What the community needs is three things, to my eye: a) to learn that criticism is NOT meant to be mean, it is meant to help you grow, b) to learn that criticism of one’s work is not criticism of oneself, and c) to learn how to give criticism in a way that gets these points across. Musicians, dancers, other artists all manage this. It baffles me how stifling the ID community, and the dressmaking community within it, can be on this point. I think that innovation can only flourish when people both expect to receive and feel comfortable giving constructive criticism.

I responded:

As usual, your insight is right on, Ali. You know I have ranted about exactly the same things. Thank you, once again, for saying it so well…

And then she wrote:

It’s because we both come from a heavily academic space, I think. This is not to imply elitism, but I suppose it could be read that way. You taught for years, and I’m pretty over-educated for my age. DWe have stubbornly refused to let go of the idea of constructive crit being required for a healthy community; what baffles me is that, after seeing the poll on CF of what other dressmakers and designers do or previously did as their main job, we are the exceptions! The DM community as a whole seems to be pretty awesome based on that poll: we have biologists, engineers, teachers, social scientists. We have so many well-educated people, whether by formal or self education, who MUST have learned how to give and receive concrit at some point. Why do we allow ourselves, as a community, to follow the secretive, deadening path that Irish dance as a whole follows when we KNOW better? We are smart and creative. Let us set the example for how to criticize, critique, and share in an open, honest way. If we’re lucky, it will catch on to the whole of ID.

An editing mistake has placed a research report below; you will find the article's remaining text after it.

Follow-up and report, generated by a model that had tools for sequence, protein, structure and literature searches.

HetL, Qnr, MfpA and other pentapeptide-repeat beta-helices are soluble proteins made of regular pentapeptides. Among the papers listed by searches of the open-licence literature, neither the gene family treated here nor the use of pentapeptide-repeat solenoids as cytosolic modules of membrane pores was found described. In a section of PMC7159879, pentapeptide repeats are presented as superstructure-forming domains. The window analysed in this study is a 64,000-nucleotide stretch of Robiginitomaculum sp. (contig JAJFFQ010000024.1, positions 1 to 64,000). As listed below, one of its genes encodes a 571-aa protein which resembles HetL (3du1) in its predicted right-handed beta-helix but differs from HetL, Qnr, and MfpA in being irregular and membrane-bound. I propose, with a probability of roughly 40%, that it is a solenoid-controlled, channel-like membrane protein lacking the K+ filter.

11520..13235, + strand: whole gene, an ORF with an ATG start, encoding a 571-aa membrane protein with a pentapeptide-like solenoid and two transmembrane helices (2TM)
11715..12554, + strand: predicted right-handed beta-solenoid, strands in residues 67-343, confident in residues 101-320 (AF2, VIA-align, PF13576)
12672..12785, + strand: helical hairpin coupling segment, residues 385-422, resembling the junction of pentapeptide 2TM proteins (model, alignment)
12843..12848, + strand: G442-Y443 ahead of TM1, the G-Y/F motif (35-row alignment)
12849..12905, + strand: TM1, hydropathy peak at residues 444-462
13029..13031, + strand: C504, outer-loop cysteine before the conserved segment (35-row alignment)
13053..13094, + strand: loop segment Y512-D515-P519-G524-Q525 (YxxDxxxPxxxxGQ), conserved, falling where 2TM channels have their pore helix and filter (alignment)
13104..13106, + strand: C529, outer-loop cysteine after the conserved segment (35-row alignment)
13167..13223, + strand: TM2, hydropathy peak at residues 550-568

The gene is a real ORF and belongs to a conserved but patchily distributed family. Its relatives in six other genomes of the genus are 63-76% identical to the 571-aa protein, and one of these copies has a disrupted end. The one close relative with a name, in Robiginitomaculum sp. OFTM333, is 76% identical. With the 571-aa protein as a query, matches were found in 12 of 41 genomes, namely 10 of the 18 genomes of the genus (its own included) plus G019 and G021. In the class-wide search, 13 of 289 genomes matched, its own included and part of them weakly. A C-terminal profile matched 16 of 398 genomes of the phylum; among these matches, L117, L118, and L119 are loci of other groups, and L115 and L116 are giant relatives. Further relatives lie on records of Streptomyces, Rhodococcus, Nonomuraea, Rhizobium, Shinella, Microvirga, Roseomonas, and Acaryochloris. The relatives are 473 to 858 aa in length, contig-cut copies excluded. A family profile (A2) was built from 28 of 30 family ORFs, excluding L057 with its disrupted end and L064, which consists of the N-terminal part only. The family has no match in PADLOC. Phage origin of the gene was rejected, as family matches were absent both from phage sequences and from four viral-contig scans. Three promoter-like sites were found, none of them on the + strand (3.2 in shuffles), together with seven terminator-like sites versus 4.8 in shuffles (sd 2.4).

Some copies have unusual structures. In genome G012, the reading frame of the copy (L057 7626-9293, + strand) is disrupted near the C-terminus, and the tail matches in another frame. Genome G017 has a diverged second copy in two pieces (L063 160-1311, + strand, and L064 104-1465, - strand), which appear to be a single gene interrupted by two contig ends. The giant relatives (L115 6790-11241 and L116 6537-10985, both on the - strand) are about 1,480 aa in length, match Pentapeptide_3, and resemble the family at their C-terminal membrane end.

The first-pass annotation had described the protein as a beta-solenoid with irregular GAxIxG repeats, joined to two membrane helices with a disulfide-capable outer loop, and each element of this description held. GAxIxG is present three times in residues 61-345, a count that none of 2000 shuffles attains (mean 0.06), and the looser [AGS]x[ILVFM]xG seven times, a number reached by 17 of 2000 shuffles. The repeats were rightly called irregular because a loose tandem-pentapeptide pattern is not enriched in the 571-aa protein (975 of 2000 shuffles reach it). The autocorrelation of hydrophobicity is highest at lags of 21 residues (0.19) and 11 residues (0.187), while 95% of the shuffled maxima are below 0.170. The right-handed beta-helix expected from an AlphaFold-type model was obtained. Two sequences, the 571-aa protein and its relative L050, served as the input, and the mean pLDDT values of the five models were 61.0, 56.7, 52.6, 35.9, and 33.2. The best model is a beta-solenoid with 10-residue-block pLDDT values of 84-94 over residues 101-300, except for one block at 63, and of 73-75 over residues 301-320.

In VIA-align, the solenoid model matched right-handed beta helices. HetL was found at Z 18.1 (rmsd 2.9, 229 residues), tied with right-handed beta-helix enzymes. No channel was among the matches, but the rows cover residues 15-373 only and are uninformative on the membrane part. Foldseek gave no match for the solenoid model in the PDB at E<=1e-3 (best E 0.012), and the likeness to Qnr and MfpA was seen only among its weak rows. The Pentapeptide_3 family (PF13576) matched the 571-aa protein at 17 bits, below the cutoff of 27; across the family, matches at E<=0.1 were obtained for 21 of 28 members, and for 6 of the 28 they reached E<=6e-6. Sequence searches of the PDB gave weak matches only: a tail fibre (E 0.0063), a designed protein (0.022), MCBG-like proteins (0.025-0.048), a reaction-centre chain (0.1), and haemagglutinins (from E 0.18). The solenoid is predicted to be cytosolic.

And then, before I could notate my profound thoughts on the subject,  Suz got in on the action:

You got me thinking on why we can take criticism in our “real” professions but not ID. Just my first ‘gut-reaction’ here but my two worlds were built different!

My ID world formed WITHIN my family’s cultural life while my professional life is OUTSIDE my family. The university not only allowed me to evolve independently but encouraged me to be independent! In my science based career I was taught to question the methods and practices of other scientists to get ‘proof’ for my opinions!

My ID life has evolved AND involves numerous family members both immediate and extended. I already had my ‘place’ given to me because I was hopelessly unable to dance. Unlike the DANCERS(said in revered awe…) I could make my way around the left side of my brain as well as the right side so I chose to join the ’support staff’ as a dressmaker….really as an avenue to remain ‘in the family’. (Whole ‘nother psych. paper in that statement!!) So I do have enormous problems separating criticism of my work as not being criticism of me personally. By the end of a dress it is MY CHILD and the more difficult the ‘labor’ the more I tend to want it to thrive. So if it is “bashed” (as stagemoms are so apt to do these days) I am hurt. I’m sane enough to know the defect in my thinking, and do know how to consider the source, but that would be my brain’s left side which does not always control my world!